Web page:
However, the DB can be configured to perform a so-called 1:n protection principle for hardware, where n data streams (I/O ports) are protected by a single spare one which can be used if one of the n data streams fails.
Due to the fact that in the previously known switching architectures each adaptation function block was connected to a group of I/O ports, the number of I/O ports capable of using this function was limited by the group.
In the proposed switching device, each I/O port (and each group of ports as well) is de-coupled from a particular functional adaptation block, thereby the use of the AFB and the use of the I/O ports becomes much more flexible. The de-coupling is achieved by a novel distributing block for connecting each particular I/O to a required switching fabric via a suitable AFB.
It is especially useful for implementing a so-called IMA adaptation function (Inverse Multiplexing over ATM), where quite a great number of incoming data streams is to be applied to one adaptation functional block. Up to now, it was considered obligatory to allocate all the incoming data streams at one and the same I/O block. The proposed solution allows resolving this problem.
In practice, the I/O ports of the switching structure can preferably be situated, by groups, at separate printed cards which may comprise as many I/O ports as desired. The switching fabric interconnected with the AFB blocks are preferably placed at one and the same printed card. Additional switching fabrics (preferably together with the adaptation functional blocks), if required for serving additional data streams and/or data streams of different protocols, can be positioned at additional cards.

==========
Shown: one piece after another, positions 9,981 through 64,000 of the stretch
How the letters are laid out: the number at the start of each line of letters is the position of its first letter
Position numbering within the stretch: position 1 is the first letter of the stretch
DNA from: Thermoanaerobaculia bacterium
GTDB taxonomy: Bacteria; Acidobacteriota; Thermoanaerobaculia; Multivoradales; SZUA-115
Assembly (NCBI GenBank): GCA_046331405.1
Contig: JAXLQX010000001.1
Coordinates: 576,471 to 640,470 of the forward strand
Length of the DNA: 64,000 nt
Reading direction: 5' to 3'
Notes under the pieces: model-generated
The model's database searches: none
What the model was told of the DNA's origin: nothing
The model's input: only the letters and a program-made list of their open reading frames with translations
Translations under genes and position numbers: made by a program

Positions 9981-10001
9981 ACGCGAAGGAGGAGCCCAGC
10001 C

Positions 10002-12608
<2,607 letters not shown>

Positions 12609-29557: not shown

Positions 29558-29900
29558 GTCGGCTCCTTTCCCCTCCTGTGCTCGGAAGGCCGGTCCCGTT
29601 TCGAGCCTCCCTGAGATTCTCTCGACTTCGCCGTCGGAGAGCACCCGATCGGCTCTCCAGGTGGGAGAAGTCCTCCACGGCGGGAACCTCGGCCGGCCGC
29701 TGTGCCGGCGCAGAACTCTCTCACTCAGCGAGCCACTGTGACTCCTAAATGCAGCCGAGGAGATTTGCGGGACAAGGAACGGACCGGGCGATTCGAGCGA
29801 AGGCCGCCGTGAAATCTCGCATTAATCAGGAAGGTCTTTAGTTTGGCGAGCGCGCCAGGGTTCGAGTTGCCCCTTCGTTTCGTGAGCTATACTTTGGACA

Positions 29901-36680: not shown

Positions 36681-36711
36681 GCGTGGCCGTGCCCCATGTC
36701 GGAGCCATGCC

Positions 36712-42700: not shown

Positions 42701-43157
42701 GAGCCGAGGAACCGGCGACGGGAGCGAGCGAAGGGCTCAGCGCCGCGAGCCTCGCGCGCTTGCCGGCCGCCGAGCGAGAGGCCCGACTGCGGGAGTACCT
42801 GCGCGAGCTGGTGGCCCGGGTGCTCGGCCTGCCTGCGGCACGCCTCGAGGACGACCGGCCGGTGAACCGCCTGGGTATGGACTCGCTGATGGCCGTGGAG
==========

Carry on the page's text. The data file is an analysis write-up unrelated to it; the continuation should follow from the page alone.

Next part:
The distributing block DB can be placed either on the card of the I/O ports, or separately. The cards can be installed in slots of a standard shelf-structure having a back plane, so that interconnection between the I/O ports and the switching fabric(s) will be provided using the back plane, according to the configuration of the distribution block DB.
This feature renders the proposed switching structure easily upgradable and therefore suitable for cellular applications, where a great number of new incoming data streams are to be handled in case of upgrading the network. For example, when upgrading a cellular network from 2G-2.5G to 2.5G-3G, new E1 data streams which should be handled using one and the same particular AFB will be added to each base station, thereby requiring additional I/O ports and access to the particular AFB in the switching structures of the network. The solution proposed in the present application allows achieving this purpose, by providing an ATM switching fabric (which is preferred in the modern telecommunication networks) with I/O ports capable to format incoming data streams into a suitable format, and with a distribution block DB. If required, any port will be connectable to the required AFB of the ATM switching fabric.